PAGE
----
The debate, despite enlightenment and modernization, remains the same as that which Dante advocated in the Divine Comedy: is Islam evil or a religion of peace? On one side of the argument, and siding with Dante, is Geert Wilders, a Dutch politician and self-declared ‘Islamophobe’ in the real meaning of the word (fearing Islam as religion). Of course, for both Dante and Wilders (who is facing trial in his own country), Islam and the Qur’an are, in the very words of Wilders, ‘bad’ and ‘evil’. Wilders also used adjectives such as ‘retarded’, ‘fascist’ and ‘anti-democratic’ – thus dangerous and worthy of being banned. Different variations on a theme of ‘Islam is evil’ can also be found in the work of several authors, for example Robert Spencer, Bat Ye’or and Magdi Allam among many others. Continue reading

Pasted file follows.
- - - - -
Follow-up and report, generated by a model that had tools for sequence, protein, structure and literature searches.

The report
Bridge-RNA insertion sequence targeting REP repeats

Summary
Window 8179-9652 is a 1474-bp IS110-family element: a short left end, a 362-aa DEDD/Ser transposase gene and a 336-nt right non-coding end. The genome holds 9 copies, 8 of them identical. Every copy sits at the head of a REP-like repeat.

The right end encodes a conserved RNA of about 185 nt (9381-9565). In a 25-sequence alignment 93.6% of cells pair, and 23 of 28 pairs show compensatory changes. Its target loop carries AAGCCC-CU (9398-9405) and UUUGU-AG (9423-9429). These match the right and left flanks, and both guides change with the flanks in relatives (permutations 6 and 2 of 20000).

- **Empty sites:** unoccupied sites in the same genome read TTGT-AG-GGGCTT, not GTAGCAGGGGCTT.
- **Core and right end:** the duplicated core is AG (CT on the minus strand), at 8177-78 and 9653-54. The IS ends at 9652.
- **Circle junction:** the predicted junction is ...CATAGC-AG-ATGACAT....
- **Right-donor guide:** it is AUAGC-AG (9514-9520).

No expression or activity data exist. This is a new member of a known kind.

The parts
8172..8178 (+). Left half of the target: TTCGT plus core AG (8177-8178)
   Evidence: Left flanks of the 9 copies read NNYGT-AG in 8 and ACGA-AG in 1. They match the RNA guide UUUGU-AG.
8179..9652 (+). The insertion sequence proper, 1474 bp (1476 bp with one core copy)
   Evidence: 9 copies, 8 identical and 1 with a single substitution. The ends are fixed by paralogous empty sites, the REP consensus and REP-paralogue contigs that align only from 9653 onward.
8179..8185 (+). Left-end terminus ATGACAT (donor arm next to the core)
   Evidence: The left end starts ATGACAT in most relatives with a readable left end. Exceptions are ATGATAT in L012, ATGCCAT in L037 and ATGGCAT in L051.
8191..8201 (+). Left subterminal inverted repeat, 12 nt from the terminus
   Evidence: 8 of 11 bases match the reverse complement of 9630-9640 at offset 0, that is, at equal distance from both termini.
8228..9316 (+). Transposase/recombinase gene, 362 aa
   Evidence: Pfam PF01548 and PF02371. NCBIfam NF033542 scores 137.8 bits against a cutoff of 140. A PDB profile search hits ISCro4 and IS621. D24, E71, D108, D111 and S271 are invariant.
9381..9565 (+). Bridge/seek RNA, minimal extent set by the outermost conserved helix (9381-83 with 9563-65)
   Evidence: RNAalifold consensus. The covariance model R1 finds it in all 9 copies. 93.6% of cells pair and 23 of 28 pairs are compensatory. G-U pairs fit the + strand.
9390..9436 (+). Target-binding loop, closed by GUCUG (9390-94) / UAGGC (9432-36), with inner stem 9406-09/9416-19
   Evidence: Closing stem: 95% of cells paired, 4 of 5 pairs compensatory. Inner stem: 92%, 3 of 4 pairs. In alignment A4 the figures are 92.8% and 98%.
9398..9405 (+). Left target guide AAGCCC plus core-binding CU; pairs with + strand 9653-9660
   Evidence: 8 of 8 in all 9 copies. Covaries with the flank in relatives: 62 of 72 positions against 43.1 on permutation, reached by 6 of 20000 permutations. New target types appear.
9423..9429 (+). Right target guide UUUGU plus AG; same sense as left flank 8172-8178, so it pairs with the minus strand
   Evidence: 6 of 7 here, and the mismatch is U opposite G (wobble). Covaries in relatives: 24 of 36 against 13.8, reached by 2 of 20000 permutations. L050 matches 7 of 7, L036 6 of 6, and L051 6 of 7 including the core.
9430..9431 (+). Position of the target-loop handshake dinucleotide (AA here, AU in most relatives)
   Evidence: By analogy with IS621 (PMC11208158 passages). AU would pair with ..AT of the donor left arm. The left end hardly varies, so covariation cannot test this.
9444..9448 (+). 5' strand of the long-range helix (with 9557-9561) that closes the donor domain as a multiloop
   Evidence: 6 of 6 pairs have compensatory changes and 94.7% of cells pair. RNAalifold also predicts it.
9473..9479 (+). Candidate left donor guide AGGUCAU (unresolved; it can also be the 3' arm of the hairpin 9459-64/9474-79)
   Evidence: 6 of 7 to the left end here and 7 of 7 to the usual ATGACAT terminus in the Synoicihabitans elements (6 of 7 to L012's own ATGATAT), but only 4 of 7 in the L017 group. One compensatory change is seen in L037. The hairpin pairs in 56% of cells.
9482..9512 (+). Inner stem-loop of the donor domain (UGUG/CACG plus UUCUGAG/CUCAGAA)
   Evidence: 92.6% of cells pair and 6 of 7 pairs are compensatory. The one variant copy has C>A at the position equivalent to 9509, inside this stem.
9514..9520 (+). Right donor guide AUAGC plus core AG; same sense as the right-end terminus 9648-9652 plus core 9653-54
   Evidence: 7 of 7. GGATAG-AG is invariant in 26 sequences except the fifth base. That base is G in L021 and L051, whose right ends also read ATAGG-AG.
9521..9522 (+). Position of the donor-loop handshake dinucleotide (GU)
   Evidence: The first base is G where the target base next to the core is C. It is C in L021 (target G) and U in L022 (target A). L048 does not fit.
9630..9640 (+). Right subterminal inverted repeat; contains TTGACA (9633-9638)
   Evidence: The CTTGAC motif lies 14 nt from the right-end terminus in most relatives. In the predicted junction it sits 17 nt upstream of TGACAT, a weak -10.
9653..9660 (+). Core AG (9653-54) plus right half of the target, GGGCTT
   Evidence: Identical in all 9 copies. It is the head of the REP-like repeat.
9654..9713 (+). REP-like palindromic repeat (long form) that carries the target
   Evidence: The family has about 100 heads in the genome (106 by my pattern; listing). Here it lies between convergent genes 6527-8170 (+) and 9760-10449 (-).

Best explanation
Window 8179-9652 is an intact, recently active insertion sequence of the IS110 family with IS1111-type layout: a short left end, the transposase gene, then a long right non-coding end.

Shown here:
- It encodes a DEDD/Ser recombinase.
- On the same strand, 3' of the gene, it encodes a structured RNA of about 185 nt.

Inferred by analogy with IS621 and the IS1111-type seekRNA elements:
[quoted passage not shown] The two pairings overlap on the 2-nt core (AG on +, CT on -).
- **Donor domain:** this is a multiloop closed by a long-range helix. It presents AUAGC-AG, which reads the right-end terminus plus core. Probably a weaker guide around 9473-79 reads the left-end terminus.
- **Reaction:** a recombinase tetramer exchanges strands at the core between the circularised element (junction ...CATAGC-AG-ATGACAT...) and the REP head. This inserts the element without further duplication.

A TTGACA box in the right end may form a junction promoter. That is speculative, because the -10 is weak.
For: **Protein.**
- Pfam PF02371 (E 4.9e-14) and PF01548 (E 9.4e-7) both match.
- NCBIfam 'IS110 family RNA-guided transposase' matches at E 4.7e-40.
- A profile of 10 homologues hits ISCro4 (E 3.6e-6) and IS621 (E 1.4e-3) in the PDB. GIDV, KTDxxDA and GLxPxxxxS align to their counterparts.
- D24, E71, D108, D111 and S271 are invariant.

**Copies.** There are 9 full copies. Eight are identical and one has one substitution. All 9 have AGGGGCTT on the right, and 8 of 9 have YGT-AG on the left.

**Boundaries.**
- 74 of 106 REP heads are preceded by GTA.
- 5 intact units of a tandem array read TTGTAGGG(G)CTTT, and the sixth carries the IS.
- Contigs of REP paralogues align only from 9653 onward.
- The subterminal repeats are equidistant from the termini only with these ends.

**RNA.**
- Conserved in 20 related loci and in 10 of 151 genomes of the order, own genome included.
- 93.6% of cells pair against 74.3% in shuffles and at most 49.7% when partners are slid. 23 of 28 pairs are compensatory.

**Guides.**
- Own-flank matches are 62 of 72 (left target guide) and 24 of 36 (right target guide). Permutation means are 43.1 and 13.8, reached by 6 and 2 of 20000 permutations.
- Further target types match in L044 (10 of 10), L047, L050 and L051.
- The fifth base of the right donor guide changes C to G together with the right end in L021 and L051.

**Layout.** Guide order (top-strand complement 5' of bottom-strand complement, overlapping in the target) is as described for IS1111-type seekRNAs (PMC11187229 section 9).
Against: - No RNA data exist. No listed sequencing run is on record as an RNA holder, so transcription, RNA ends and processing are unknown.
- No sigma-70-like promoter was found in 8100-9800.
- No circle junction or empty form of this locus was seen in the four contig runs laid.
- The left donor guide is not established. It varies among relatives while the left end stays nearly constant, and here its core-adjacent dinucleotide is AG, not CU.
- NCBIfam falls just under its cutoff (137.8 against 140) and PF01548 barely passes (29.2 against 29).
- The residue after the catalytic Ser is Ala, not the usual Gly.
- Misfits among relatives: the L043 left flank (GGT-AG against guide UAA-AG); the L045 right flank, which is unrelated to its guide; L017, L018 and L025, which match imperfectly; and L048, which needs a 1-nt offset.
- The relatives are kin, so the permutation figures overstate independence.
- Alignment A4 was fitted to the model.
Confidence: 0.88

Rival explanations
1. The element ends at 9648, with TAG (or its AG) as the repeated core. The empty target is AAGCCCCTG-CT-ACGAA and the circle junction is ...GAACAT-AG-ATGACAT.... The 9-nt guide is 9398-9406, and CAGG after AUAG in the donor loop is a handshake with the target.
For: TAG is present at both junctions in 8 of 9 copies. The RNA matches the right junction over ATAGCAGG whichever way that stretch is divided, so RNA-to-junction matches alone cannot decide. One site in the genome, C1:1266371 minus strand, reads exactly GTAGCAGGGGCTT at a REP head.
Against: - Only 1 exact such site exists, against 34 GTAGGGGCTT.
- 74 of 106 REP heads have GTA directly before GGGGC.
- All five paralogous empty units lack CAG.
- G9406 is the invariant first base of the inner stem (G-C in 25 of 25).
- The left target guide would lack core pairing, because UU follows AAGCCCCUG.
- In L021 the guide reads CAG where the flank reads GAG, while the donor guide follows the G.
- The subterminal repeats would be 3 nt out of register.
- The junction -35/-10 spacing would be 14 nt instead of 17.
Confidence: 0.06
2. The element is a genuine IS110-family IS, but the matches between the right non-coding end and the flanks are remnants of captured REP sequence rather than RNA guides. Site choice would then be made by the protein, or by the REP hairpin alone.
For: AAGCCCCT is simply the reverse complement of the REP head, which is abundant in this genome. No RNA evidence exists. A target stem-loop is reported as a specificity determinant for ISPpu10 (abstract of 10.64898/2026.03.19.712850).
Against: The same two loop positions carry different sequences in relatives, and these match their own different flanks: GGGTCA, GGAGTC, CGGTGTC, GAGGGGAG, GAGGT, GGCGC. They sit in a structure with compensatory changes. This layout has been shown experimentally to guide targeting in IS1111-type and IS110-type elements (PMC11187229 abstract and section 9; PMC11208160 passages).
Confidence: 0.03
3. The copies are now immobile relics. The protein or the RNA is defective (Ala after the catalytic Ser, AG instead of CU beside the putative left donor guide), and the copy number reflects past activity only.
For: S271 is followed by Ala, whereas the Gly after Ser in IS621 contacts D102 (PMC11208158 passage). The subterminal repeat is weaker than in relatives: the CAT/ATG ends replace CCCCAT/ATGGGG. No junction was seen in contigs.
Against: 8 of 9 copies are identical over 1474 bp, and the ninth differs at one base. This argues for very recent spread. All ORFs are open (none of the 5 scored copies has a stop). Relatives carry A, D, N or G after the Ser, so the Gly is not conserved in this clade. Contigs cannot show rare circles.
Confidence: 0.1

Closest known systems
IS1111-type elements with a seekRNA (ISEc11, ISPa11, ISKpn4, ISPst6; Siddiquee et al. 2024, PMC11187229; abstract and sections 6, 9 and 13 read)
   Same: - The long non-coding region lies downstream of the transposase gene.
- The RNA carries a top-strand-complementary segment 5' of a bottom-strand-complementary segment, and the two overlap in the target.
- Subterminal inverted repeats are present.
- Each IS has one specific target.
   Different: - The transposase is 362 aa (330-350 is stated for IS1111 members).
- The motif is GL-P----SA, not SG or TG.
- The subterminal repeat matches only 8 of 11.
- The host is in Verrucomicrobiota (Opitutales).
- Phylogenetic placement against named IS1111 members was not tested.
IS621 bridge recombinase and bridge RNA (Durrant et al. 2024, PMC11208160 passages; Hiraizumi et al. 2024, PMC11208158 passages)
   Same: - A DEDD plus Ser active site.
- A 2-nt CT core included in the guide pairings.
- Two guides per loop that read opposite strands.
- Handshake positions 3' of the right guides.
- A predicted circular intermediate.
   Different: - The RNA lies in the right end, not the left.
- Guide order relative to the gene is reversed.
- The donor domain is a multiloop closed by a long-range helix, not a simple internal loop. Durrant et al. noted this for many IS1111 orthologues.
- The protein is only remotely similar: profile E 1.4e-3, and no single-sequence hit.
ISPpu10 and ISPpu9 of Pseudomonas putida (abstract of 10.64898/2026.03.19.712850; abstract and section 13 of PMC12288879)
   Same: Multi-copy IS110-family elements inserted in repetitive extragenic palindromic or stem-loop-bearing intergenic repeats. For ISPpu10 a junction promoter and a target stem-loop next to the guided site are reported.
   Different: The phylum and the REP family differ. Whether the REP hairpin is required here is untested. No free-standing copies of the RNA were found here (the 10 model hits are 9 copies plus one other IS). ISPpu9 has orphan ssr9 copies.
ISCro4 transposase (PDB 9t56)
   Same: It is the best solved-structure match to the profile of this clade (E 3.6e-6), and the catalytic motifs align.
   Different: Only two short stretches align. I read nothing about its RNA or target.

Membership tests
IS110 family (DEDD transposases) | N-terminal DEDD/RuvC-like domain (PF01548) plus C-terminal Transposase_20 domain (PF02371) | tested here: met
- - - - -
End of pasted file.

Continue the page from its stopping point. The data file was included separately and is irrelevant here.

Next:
When Joseph Alois Ratzinger was elected Pope he selected the name Benedict XVI, a direct reference to Benedict XV, a Pope who had to witness the carnage of the First World War. Yet after the beginning of his pontificate, I start to think that Ratzinger’s decision to adopt the name of one of the less remembered popes was not just to celebrate Benedict XV’s human approach to the tragedy of the war, but rather Benedict XV’s late formed idiosyncrasy toward whatever could possibly smell of modernism and relativism. During the first year of Ratzinger’s pontificate we have observed a change in the attitude of the Catholic Church. Karol Wojtyla’s (Pope John Paul II) idea of the Catholic Church had a clear multi-strategy approach, which I may call ‘enlightened conservatism’.